I cannot tell you how many conferences i have attended where I have finally gotten the chance to meet folks in person whom I only know online through PLC/PLNs. It is always fun to see what these people look like in person - apparently, online in my posts to listservs and in my blog, I come across as a tall white man with a beard. I hope that folks are not disappointed to see instead a 5'5, Asian man with a partial goatee and slight southern accent...

Here are some different types of online PLC/PLNs in which I take part, along with some suggestions:


Since you are reading this blog, you are already part of this professional learning community! Blogs have played such an important part in my professional CI/TPRS development. If you look at the sidebar, I have a list of blogs which I follow. These are all wonderful, and I have used many ideas from them in my classroom. More than anything though, these blogs have encouraged me to keep pursuing implementing CI/TPRS when at times I feel like I have hit a brick wall.

  • Latin Best Practices - this is a Yahoo group dedicated to breaking away from the traditional practices found in grammar-translation Latin classes. Begun by fellow CI/TPRS Latin colleagues Bob Patrick and John Piazza, this list has over 1,300 members. I was a member of this listserv LONG before I actually began to implement CI/TPRS in my Latin classroom. 
  • MoreTPRS - this is the primary listserv for CI/TPRS users. I used a member of this group, but as there are over 7,000 members, it became too much for me to read all of the postings coming in, so I unsubscribed. That does not mean that this group does not have value - based on the number of postings, it just was not for me.  
  • Ben Slavic's Blog Community - this is a pay site, but it is full of ideas and resources, as well of supportive teachers. 
Social Media
I am not one who utilizes social media. My life is Facebook free and am more than okay with that. I rarely text, and I have no idea how Instagram or Snapchat works and personally have no desire to learn, since I never use the camera on my phone anyway.Truthfully, I thought that "taking selfies" was a reference to drug usage.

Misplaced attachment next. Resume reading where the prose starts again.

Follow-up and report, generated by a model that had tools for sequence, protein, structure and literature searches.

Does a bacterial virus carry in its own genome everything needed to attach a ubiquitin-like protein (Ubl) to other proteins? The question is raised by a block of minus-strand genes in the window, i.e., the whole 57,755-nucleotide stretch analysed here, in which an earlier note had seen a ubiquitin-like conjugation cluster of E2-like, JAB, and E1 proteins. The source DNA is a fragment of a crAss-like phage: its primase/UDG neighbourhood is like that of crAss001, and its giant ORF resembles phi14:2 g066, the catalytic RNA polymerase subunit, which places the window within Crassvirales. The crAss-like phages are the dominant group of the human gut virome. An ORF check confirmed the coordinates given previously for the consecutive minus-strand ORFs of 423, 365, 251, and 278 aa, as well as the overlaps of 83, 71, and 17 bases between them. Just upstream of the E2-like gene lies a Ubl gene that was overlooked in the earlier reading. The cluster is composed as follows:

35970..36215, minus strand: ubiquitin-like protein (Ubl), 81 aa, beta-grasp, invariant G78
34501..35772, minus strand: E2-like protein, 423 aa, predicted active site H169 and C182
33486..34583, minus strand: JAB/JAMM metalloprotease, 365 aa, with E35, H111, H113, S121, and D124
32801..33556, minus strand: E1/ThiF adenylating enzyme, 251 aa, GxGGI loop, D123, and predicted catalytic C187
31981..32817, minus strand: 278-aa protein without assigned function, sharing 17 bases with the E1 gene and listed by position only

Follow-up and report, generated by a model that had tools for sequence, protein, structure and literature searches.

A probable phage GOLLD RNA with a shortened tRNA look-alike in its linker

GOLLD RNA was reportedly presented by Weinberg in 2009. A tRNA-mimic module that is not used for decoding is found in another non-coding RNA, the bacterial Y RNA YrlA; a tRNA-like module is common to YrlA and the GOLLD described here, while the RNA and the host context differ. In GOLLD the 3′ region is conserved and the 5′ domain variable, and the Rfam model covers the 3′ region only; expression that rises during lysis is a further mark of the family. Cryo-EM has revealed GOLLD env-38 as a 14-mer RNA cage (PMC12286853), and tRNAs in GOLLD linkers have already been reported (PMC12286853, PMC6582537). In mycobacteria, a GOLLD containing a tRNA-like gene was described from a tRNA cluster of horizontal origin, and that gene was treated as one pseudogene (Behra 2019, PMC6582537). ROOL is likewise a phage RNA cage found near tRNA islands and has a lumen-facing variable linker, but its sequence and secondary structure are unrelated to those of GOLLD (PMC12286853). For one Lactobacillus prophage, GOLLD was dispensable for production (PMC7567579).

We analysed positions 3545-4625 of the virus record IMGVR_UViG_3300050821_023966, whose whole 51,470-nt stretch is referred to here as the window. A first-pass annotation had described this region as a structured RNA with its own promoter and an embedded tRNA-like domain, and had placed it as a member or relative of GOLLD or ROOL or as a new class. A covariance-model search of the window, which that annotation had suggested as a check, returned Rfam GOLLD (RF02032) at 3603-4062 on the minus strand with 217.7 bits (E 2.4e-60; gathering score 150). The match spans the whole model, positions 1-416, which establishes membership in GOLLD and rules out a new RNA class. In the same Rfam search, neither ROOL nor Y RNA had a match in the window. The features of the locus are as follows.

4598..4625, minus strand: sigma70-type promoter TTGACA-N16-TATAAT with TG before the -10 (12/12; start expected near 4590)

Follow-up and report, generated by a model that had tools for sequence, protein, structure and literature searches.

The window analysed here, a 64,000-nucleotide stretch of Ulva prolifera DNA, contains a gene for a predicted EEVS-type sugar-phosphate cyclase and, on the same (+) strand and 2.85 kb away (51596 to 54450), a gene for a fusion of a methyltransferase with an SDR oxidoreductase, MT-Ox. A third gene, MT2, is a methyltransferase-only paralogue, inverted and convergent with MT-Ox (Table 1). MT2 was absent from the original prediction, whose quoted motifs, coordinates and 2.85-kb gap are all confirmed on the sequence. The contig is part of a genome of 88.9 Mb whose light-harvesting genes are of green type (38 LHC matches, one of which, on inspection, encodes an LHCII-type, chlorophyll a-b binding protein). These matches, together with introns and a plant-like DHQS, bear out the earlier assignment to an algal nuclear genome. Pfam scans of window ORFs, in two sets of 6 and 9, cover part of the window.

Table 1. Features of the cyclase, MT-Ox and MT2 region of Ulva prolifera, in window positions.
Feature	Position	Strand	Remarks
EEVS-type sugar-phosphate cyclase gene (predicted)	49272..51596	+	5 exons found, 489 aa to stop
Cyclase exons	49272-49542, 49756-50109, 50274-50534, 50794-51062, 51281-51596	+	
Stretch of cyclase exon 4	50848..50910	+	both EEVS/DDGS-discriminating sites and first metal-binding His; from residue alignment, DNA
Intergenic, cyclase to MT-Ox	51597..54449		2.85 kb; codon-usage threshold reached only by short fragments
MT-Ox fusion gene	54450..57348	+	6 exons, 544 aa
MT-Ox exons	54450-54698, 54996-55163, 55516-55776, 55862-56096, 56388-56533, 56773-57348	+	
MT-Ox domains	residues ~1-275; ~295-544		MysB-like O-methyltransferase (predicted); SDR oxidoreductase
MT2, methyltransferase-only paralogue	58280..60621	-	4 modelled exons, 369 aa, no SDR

• Twitter - I do use Twitter though for professional purposes, and I absolutely love it! I love being able to "follow" CI/TPRS folks and to learn from them in this manner. As i said earlier, I have been reading the many Twitter posts from this ACTFL convention; following #ACTFL15 has given me the next best thing to being there. You can follow me @silvius_toda on Twitter - Silvius is my Latin name! My name Keith means "from the woods" in Welsh, so I picked the Latin equivalent.
  • IFLT/NTPRS/CI Teaching Facebook group - I suppose if I had a Facebook page, then I would be a member of this group. 
So I challenge you to increase your PLC/PLN beyond what you currently have and to check out many of these resources. Also, feel free to suggest any blogs or online resources which you have found helpful so that i can add them to my list!

Wednesday, November 11, 2015

Why I Blog

As I approach the two-year anniversary of my very first posting on this blog, I find it only fitting to reflect on the question, "Why do you blog?" Quite honestly, I find it very difficult to come up with an answer. I have always equated blogs with those people who write letters to the editor or call into radio newstalk shows - those folks who always have something to say and want to make sure that you know that they do.

So to answer the question "Why do you blog?", based on my views of blogs, my first response is "I do not know - it is not like I have a whole lot to say." (Apparently, I do, because I have written almost 100 posts).